Bob has got an ice-cream van. Bob wants to give free ice-creams around his neighbourhood and wants to get to the next town at the earliest. Bob would like to know the shortest distance for doing so.
Considering Bob’s case, it isn’t too hard for a classical algorithm to solve but a scenario where the neighborhood is spread across miles of area, classical algorithms aren’t the best to go with. These are the NP complex problems that are hard to solve efficiently.
Now taking things to a quantum level, these problems can be solved with much greater efficiency from what a classical computer could ever accomplish thanks to the annealing based quantum computation.
Understanding Hamiltonian & Eigenspectrum
Physical systems have a tendency to remain at the lowest energy state, known as ground state. It’s similar to having ease at walking down a mountain than climbing one. With that in mind, we could encode our problem into a physical system and finding the lowest energy state of that system would get us the most efficient solution to the problem.
A Hamiltonian is basically a mathematical representation of the energy state of a system. A Hamiltonian has to be fed with the position of the system inorder to get the energy state. For solving a problem using Hamiltonian, we have to input the ground state Hamiltonian of the system and evolve it to the problem Hamiltonian which would obtain us the energy states of the system.
We give the input of the ground state Hamiltonian H0 and s would be zero initially, so we get H = H0. The value of s would be gradually increased until s becomes 1 and so we get H = H1 which is our problem Hamiltonian that could be at the lowest energy state which is our answer to the problem.
An eigenspectrum is just a graphical representation of the energy states of the system. Hamiltonians of the system is plotted on an eigenspectrum and is then used to find out the lowest energy state. Different energy states are plotted on different levels on the eigenspectrum. There exists a gap between the lowest state and the other states that keeps them separated from each other. This gap would be extremely small for a hard question and the gap keeps on getting smaller as the problem gets its complexity.
Unlike classical way of things, quantum particles have a special property of being able to pass through barriers and obstacles, such as a ball passing right through a mountain rather than climbing it to get to the other side. This property is known as Quantum Tunnelling. But on doing so, we could also end up at the local minima of the ball and not the global minimum which is our actual solution. This leads us to problems on how we’d know if the state obtained by the above method has fetched us the lowest possible energy state (Global minima) and how do we know when we get to one ?
Adiabatic Quantum Computing
Rolling a ball around a valley could get the ball to its local minima state but as our problems require the most efficient solution to such complex problems, obtaining the local minima state of the system does no good. To tackle this, we are introduced with Adiabatic Quantum computing. The subatomic particle that is trying to find it’s Global minima is evolved very slowly so as to maintain the particle’s energy at minimum. This process of slowly evolving the particle maintaining its energy at minimum is know as an Adiabatic process.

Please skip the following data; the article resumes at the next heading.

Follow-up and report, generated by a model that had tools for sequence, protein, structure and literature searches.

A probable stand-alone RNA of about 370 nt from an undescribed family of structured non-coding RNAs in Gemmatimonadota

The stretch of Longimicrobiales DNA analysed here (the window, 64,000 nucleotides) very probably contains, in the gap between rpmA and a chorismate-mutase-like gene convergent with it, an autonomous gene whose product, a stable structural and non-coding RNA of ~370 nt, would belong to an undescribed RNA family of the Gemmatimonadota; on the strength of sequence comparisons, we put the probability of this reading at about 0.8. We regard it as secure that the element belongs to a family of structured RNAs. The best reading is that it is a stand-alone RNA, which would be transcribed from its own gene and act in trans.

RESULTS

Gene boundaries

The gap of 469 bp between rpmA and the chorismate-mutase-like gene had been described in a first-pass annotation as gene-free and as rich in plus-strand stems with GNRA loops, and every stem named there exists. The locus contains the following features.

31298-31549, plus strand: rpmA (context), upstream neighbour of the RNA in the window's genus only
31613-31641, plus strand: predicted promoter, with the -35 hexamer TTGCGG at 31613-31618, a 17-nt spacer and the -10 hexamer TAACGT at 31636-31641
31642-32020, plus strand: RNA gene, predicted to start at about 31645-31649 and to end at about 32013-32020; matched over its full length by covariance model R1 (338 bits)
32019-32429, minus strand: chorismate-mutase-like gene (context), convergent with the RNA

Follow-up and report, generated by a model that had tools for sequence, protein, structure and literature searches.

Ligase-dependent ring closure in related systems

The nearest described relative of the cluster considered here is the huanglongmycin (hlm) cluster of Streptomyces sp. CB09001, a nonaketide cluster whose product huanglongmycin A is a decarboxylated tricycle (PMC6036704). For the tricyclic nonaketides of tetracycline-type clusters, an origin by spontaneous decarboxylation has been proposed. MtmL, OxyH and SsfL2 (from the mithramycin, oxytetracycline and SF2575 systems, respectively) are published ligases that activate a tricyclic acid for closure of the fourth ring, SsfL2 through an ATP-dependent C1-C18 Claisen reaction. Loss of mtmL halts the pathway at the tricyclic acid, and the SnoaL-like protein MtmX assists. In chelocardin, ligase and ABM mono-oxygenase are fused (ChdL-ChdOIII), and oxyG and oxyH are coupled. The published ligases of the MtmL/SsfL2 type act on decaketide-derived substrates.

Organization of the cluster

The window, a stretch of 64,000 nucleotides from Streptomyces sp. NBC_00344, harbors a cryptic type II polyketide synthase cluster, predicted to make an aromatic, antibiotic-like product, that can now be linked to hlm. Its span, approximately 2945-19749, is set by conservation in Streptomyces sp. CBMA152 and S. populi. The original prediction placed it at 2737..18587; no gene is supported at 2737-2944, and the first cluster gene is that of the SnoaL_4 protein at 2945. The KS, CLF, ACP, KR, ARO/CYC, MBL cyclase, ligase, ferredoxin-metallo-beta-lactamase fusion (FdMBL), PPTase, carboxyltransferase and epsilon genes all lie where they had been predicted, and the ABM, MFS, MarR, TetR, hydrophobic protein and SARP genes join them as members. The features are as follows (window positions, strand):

The slightest interference in the propagation of the particle could get the particle to a higher energy state which would result in a wrong solution. At the end of the adiabatic annealing process, we are obtained with the most probable least energy state of the particle and this whole process happens in a very short span of time. These particles are manipulated with microwave frequencies and are extremely fragile to external noise which makes the adiabatic process of annealing a challenge.
Annealing based QPUs over Gate based QPUs ?
Annealing based Quantum processing units (QPUs) aren’t bound to complexities that we face during designing a gate based QPU and for that matter, annealing based QPUs can have many Qubits. D-Wave, a Canadian Quantum computing startup has made a annealing based QPU that has over 2000 Qubits whereas the most powerful gate based QPU at the time is a 79 Qubit QPU by Google codenamed Bristlecone.
The increase of Qubits in annealing based QPUs helps to obtain Hamiltonian of many states which would eventually increase the efficiency of the solution. Though the number of Qubits are very different in both, gate based QPUs are capable of doing a wide variety of tasks including optimisation problems, AI/ML research and run algorithms such as shor’s algorithm and Grover’s algorithm (though current gate based QPUs are not powerful enough to perform these algorithms). For that reason, gate based QPUs are widely known as Universal QPUs supposedly capable of performing any task unlike annealing based QPUs which are specifically designed for optimisation based problems and AI/ML research.
To conclude, even though annealing based QPUs are bound to perform optimisation based problems, they have proved their stand against gate based QPUs by being more efficient in that matter. This is no surprise when you find tech titans such as Google, NASA and Volkswagen buy these annealing based Quantum computers which costs over 15M$ taking the dream of harnessing the true potentials of Quantum computing a step further.